This morning’s advance GDP estimate for 1Q13 came in at 2.5% vs expectations for 3.0%. Belying the headline miss were some positive under the hood dynamics relative to our view on domestic consumption. Consumer Spending growth accelerated for a third consecutive quarter, growing 3.2% sequentially vs expectations for 2.5%, and contributing +2.24 to the Total GDP figure on the quarter. Investment grew 12.3% q/q alongside some inventory build and continued strength in Residential and NonResidential Fixed Investment. Government Spending showed some unsurprising weakness, declining 4.1% Q/Q with National Defense leading the decline with Gross Investment and Consumption Expenditures down 30.3% and 8.3%, respectively. To summarize:
C: Consumer coming in stronger than expected printing 3.2% vs. expectations for 2.8%. Contributing +2.24 to total GDP.
I: Investment up +12.3% Q/Q and contributing 1.56 to Total GDP. Inventories, Residential & Nonresidential Investment all positive contributions.
G: Down 4.1% Q/Q on the back of -7.0% in 4Q12. Contributing -0.8 to total GDP
E: Net exports contributing -0.5 to total GDP as growth in imports outran export growth.
Inflation: Core PCE remained subdued at +1.2% which continues to lend itself to steady-as-she-goes monetary policy. While we think employment could surprise on the upside over the NTM and Fed board commentary has been incrementally hawkish, with sequester related fiscal drag uncertainty unlikely to ebb through 3Q, inflation below target of 2.0% and the “transiently tolerable” 2.5%, employment growth still modest, and a significant output gap remaining, we don’t hold expectations for a material policy inflection over the intermediate term.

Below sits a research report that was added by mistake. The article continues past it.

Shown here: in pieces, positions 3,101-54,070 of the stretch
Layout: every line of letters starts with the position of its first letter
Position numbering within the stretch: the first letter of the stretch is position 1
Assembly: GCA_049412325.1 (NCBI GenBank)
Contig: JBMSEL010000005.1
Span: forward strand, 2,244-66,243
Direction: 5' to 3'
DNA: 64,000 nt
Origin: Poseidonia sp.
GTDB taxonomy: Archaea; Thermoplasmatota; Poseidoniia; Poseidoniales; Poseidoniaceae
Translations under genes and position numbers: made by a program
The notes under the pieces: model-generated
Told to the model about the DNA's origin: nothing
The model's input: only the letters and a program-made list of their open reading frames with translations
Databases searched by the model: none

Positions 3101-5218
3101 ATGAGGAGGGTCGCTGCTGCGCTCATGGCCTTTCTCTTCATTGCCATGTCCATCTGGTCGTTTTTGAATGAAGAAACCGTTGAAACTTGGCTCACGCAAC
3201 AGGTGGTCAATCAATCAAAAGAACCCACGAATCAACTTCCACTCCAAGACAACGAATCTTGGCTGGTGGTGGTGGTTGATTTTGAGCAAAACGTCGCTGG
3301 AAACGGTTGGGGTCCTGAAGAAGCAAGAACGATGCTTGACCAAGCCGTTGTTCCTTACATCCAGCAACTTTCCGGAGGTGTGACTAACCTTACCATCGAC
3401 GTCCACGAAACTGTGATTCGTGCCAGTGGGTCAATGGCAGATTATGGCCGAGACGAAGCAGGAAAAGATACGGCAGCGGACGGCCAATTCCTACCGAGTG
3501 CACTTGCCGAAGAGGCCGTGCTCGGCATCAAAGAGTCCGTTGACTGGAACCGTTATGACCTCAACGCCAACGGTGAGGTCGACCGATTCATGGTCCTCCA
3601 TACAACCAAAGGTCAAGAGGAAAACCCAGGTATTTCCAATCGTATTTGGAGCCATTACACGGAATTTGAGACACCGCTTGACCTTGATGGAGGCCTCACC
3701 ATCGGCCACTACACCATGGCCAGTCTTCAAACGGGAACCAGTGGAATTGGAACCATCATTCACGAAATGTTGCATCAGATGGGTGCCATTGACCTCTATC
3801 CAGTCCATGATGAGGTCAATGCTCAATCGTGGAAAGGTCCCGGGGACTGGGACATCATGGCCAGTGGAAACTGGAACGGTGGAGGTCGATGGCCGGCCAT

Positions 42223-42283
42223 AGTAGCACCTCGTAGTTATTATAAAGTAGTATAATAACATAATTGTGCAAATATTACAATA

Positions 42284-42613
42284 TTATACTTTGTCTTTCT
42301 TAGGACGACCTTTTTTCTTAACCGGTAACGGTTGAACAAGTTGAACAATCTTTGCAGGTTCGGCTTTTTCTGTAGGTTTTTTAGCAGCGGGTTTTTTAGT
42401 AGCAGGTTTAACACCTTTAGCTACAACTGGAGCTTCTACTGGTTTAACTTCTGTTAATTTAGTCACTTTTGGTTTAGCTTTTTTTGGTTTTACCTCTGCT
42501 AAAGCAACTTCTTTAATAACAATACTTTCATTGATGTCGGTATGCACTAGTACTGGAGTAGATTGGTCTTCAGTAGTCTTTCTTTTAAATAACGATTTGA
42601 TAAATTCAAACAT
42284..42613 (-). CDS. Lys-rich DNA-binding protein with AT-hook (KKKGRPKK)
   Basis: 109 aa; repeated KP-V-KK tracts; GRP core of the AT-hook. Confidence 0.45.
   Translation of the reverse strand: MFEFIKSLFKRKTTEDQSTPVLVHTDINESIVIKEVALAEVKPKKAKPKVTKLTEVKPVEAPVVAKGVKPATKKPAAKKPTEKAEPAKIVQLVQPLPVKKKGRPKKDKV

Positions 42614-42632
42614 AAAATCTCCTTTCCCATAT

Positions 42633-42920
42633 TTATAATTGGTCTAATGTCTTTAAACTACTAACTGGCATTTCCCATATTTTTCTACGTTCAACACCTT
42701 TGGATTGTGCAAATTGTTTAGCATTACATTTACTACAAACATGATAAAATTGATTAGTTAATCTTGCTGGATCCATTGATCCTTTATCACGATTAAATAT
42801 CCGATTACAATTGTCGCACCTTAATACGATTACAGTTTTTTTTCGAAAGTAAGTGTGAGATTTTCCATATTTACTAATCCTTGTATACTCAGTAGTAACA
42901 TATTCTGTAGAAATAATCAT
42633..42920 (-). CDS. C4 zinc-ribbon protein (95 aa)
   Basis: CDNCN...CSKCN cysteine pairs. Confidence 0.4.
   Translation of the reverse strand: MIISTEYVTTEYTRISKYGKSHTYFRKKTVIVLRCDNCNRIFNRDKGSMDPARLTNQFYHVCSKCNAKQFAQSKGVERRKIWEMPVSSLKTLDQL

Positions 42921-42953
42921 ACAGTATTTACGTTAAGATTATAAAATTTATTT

GIP Model: On the fundamental side, 1Q13 GDP growth agreed with our Growth/Inflation/Policy (GIP) model estimate which called for accelerating growth and decelerating inflation and a move to Quadrant 1. Simply put, if you are modeling the national economy as you would a company, Quad 1 (Accelerating Growth, Decelerating Inflation) equates to accelerating topline growth alongside margin expansion – You want to be long that. Our early estimate for 2Q has the U.S. holding in Quad 1.
In short, today’s GDP release offered positive confirmation of our 1Q13 theme for domestic consumption #GrowthStabilizing. While its (still) hard to pin a bullish secular thesis on peak margins, a low single digit and declining savings rate, and a positive spread on spending growth vs. income growth alongside already zero bound interest rates, in the near-term, the game plan remains much the same as its been YTD. Housing and Labor market trends remain positive for domestic consumption while declining government deficit spending, a benign domestic monetary policy outlook, a bearish setup for the Yen, and a weak growth/dovish policy outlook for the EU should all continue to support $USD strength and ongoing commodity deflation.
Christian B. Drake